Cloud Storage and Use of Vendors for Records Management Flagged by OCIE in Alert

Regulations regarding privacy, cybersecurity and the use of technology seem to be in constant flux.  Compliance consultants and vendors do their best to stay on top of them, but ultimately neither are regulated by the SEC, FINRA or the states.  Instead, it is the registrants who will be held accountable—both by their clients and their regulators—when data is lost, stolen or misused.

Adding to an increasingly long line of guidance,[1] the SEC’s Office of Compliance Inspections and Examinations (the “OCIE”) released a Risk Alert (the “Alert”) last Thursday that highlighted risks associated with the storage of customer records and information by broker-dealers (“BDs”) and registered investment advisers (“RIAs”) in cloud-based systems and other network storage solutions.[2]  In the Alert, the OCIE identified multiple storage practices that put customer information at risk of unauthorized access and raise concerns under Regulations S-P[3] and S-ID.[4]

The Alert

Key concerns identified by the OCIE in its Alert included firms’ failure to:

  • Configure security settings on network storage solutions to protect against unauthorized access, or to address such configuration in their policies and procedures;
  • Ensure that security settings on vendor-provided network storage solutions were configured in accordance with the firms’ standards; and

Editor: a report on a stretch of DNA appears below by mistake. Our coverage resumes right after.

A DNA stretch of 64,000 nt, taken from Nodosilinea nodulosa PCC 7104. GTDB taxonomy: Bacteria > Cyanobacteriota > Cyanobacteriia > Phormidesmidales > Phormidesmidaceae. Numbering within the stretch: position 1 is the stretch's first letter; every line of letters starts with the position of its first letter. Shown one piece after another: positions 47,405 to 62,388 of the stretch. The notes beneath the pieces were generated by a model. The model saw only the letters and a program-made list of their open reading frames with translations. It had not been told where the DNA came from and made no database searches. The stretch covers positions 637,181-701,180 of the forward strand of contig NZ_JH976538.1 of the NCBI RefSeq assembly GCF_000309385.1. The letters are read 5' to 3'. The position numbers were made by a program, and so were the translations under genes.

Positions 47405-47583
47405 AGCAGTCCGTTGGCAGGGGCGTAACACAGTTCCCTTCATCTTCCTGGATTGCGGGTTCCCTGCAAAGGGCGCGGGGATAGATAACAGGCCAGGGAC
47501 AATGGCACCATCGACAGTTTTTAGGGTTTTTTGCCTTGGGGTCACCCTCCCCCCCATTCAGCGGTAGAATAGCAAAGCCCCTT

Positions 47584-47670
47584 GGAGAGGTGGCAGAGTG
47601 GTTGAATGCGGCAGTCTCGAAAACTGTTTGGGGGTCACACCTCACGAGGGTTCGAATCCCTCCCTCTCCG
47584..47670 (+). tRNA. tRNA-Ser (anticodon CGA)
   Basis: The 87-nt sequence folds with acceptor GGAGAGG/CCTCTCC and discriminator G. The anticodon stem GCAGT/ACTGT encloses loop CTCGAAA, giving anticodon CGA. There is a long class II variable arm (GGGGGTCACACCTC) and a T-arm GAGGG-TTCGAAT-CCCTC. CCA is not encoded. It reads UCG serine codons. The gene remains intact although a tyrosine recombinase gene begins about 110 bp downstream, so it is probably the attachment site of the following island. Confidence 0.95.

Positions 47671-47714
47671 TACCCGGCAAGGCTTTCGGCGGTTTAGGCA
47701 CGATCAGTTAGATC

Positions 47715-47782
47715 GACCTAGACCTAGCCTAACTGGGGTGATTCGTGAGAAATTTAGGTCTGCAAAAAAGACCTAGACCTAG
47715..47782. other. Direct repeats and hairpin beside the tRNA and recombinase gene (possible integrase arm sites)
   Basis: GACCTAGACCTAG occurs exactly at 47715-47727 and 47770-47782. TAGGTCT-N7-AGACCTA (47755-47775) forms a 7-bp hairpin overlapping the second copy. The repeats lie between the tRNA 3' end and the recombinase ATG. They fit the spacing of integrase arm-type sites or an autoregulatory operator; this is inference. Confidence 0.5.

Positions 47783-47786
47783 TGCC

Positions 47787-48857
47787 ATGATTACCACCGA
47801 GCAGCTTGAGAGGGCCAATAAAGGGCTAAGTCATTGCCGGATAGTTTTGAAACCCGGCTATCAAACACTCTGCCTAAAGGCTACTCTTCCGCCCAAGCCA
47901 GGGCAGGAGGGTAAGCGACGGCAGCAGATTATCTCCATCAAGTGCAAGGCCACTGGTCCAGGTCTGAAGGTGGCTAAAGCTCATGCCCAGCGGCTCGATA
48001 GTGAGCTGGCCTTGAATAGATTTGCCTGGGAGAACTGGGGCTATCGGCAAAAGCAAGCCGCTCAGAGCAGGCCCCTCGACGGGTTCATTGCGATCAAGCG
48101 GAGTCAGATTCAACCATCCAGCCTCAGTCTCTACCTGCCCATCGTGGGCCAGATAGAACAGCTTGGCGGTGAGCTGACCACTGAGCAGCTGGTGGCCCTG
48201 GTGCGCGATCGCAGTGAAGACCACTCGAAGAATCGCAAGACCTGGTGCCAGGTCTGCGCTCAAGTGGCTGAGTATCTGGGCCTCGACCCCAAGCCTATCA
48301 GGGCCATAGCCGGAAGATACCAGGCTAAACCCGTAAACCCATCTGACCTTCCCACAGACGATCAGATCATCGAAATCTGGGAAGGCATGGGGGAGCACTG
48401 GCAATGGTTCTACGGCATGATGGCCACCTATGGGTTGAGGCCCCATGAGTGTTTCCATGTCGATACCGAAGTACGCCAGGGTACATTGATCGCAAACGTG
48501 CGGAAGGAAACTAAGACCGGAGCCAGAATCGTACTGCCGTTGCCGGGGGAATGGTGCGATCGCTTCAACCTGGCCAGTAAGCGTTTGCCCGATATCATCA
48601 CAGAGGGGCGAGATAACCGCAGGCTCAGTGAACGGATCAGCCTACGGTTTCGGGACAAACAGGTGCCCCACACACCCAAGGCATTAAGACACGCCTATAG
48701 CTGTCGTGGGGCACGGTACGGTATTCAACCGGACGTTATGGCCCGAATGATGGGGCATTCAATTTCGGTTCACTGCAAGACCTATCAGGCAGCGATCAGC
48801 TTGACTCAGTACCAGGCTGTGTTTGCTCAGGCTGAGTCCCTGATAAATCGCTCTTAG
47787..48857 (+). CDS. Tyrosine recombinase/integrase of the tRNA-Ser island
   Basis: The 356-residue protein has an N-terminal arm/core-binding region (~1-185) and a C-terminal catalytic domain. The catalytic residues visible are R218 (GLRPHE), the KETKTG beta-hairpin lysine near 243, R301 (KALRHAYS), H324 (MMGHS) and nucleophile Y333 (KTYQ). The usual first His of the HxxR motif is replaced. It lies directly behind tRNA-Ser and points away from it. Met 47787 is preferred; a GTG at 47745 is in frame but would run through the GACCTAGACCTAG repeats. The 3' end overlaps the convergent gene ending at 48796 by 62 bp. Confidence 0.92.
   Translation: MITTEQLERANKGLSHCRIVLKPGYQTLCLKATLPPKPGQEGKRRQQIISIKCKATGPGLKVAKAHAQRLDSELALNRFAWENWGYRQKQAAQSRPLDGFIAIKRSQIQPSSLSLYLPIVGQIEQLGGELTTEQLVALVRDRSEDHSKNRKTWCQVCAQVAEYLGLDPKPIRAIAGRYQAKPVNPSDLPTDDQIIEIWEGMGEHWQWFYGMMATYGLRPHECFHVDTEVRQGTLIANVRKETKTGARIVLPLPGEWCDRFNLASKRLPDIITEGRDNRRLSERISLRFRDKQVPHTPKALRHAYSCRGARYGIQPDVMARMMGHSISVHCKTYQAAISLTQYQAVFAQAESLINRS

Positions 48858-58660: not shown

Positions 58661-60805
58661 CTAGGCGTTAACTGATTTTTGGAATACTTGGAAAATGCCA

• Identify the different types, or the appropriate controls for each type, of electronically stored data.[5]

The OCIE noted that RIAs and BDs can help mitigate security risks through a strong configuration management program that includes policies and procedures governing data classification, vendor oversight and security features.  It noted that effective programs included features such as:

  • Policies and procedures supporting the initial installation, ongoing maintenance and regular review of network storage solutions;
  • Guidelines for securities controls and baseline security configuration standards to ensure proper configuration; and
  • Vendor management policies and procedures that include, among other things, regular software patches and hardware updates followed by reviews to ensure effectiveness of the security configuration.[6]

Finally, the OCIE encouraged BDs and RIAs to review their practices, policies and procedures with respect to the storage of electronic customer information; to actively oversee the vendors they use for network storage; and to consider whether any improvements are necessary.  BDs and RIAs should consult with counsel with respect to these reviews.  As an additional step, BDs and RIAs can review current and proposed vendor agreements to identify and understand risks they may present as well the applicability of indemnification provisions.

Practical Considerations

You have a variety of tools to help you meet the regulatory obligations outlined in the Alert.  If you choose to use compliance consultants or vendors to help you meet your retention and security obligations, it is absolutely incumbent upon you to ensure the solution that you choose fully complies with all applicable state and federal rules.  Often, vendors offer a range of products and services that are not compliant unless they are expertly configured and continuously maintained with specific attention to current requirements.

A few practical considerations to keep in mind: